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Am J Hum Genet. 2001 May;68(5):1250-63. Epub 2001 Apr 10.

Transmission/disequilibrium test meets measured haplotype analysis: family-based association analysis guided by evolution of haplotypes.

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Department of Statistics, Carnegie Mellon University, Pittsburgh, PA, USA.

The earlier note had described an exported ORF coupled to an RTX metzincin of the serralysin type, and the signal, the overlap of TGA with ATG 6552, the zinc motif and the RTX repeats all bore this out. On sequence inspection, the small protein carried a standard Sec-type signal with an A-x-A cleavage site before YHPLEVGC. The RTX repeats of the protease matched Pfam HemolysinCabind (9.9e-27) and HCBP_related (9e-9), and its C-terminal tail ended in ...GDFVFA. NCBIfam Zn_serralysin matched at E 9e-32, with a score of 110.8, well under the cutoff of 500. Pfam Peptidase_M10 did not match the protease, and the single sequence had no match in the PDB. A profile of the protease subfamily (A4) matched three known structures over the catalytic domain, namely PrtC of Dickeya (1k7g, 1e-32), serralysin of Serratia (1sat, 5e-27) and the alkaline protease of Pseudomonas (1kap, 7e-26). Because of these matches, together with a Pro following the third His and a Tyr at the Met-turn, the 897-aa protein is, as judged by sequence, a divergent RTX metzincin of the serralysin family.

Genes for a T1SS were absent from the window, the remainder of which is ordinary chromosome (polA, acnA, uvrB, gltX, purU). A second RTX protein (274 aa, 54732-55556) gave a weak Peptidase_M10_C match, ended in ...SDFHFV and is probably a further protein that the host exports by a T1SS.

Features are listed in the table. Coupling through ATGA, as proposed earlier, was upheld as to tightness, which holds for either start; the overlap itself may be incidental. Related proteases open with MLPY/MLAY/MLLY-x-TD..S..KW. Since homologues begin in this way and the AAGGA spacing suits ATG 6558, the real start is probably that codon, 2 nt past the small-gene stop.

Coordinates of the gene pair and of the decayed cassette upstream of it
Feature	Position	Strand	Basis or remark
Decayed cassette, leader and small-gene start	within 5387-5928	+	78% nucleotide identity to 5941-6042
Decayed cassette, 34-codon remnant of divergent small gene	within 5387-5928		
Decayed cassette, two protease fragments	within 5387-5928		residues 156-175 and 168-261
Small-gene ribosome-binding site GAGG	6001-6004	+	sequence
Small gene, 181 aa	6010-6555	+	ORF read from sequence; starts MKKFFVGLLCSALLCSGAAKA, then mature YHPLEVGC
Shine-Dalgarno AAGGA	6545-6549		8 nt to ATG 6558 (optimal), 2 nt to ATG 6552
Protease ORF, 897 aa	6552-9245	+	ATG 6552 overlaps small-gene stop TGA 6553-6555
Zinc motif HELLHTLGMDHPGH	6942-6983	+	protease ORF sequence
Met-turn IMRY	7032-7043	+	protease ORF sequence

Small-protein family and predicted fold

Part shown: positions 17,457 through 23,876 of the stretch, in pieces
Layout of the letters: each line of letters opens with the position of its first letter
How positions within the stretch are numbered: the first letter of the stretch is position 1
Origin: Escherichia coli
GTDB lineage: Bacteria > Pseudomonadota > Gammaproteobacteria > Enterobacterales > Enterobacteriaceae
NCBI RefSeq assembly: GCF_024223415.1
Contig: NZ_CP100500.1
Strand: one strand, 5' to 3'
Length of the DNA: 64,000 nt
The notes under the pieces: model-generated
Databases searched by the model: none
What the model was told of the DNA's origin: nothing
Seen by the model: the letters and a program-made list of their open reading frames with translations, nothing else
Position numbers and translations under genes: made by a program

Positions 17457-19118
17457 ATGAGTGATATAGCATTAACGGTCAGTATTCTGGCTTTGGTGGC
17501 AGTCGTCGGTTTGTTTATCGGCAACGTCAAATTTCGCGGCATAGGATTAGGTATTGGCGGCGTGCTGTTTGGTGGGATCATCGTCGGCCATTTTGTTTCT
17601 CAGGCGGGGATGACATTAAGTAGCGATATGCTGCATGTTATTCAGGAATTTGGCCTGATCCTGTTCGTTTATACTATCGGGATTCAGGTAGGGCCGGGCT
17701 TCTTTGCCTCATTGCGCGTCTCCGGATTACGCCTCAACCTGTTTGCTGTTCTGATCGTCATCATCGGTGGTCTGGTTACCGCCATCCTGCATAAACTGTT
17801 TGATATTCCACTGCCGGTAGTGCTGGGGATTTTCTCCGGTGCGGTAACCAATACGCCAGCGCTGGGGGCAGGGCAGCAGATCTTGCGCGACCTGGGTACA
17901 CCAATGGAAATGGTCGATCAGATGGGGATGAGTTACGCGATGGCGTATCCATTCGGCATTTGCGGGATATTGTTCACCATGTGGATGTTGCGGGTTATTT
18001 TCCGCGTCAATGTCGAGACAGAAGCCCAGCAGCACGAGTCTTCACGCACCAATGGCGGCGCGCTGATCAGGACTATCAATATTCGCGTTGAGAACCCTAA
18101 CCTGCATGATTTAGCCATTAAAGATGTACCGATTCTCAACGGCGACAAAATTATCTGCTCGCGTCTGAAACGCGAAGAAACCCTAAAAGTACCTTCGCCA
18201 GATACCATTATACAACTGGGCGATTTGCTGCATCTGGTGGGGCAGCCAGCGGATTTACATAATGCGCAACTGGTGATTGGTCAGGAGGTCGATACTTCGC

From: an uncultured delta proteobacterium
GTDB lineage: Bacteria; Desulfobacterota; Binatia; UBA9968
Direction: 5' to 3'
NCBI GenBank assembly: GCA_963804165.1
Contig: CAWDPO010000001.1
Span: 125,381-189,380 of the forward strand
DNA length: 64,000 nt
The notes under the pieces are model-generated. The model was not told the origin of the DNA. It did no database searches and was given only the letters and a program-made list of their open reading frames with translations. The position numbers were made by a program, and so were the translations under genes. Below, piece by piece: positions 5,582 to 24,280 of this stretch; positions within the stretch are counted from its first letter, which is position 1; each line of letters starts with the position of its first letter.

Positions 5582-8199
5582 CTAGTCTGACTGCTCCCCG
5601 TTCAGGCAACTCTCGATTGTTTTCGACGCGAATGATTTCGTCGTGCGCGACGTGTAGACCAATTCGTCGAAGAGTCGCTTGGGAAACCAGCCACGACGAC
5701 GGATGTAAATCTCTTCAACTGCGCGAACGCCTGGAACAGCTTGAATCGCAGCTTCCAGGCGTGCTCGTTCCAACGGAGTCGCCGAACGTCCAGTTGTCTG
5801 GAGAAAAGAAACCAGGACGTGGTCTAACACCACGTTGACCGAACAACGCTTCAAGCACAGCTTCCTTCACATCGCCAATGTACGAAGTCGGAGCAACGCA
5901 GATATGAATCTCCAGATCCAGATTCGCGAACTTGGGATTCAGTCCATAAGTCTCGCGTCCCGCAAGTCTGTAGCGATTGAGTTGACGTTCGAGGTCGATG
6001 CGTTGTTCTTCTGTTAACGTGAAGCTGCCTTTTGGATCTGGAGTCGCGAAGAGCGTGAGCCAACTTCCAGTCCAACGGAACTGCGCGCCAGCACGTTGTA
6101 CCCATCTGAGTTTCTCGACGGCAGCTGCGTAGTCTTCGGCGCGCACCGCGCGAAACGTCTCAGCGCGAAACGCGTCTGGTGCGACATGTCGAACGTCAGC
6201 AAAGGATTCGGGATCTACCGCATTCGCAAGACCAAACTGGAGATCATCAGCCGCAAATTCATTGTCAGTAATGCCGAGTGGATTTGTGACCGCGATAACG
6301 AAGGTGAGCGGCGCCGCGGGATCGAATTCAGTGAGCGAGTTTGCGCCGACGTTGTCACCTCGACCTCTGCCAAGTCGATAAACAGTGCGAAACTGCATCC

Family data teamed with the transmission/disequilibrium test (TDT), which simultaneously evaluates linkage and association, is a powerful means of detecting disease-liability alleles. To increase the information provided by the test, various researchers have proposed TDT-based methods for haplotype transmission. Haplotypes indeed produce more-definitive transmissions than do the alleles comprising them, and this tends to increase power. However, the larger number of haplotypes, relative to alleles at individual loci, tends to decrease power, because of the additional degrees of freedom required for the test. An optimal strategy would focus the test on particular haplotypes or groups of haplotypes. In this report we develop such an approach by combining the theory of TDT with that of measured haplotype analysis (MHA). MHA uses the evolutionary relationships among haplotypes to produce a limited set of hypothesis tests and to increase the interpretability of these tests. The theory of our approach, called the "evolutionary tree" (ET)-TDT, is developed for two cases: when haplotype transmission is certain and when it is not. Simulations show the ET-TDT can be more powerful than other proposed methods under reasonable conditions. More importantly, our results show that, when multiple polymorphisms are found within the gene, the ET-TDT can be useful for determining which polymorphisms affect liability.

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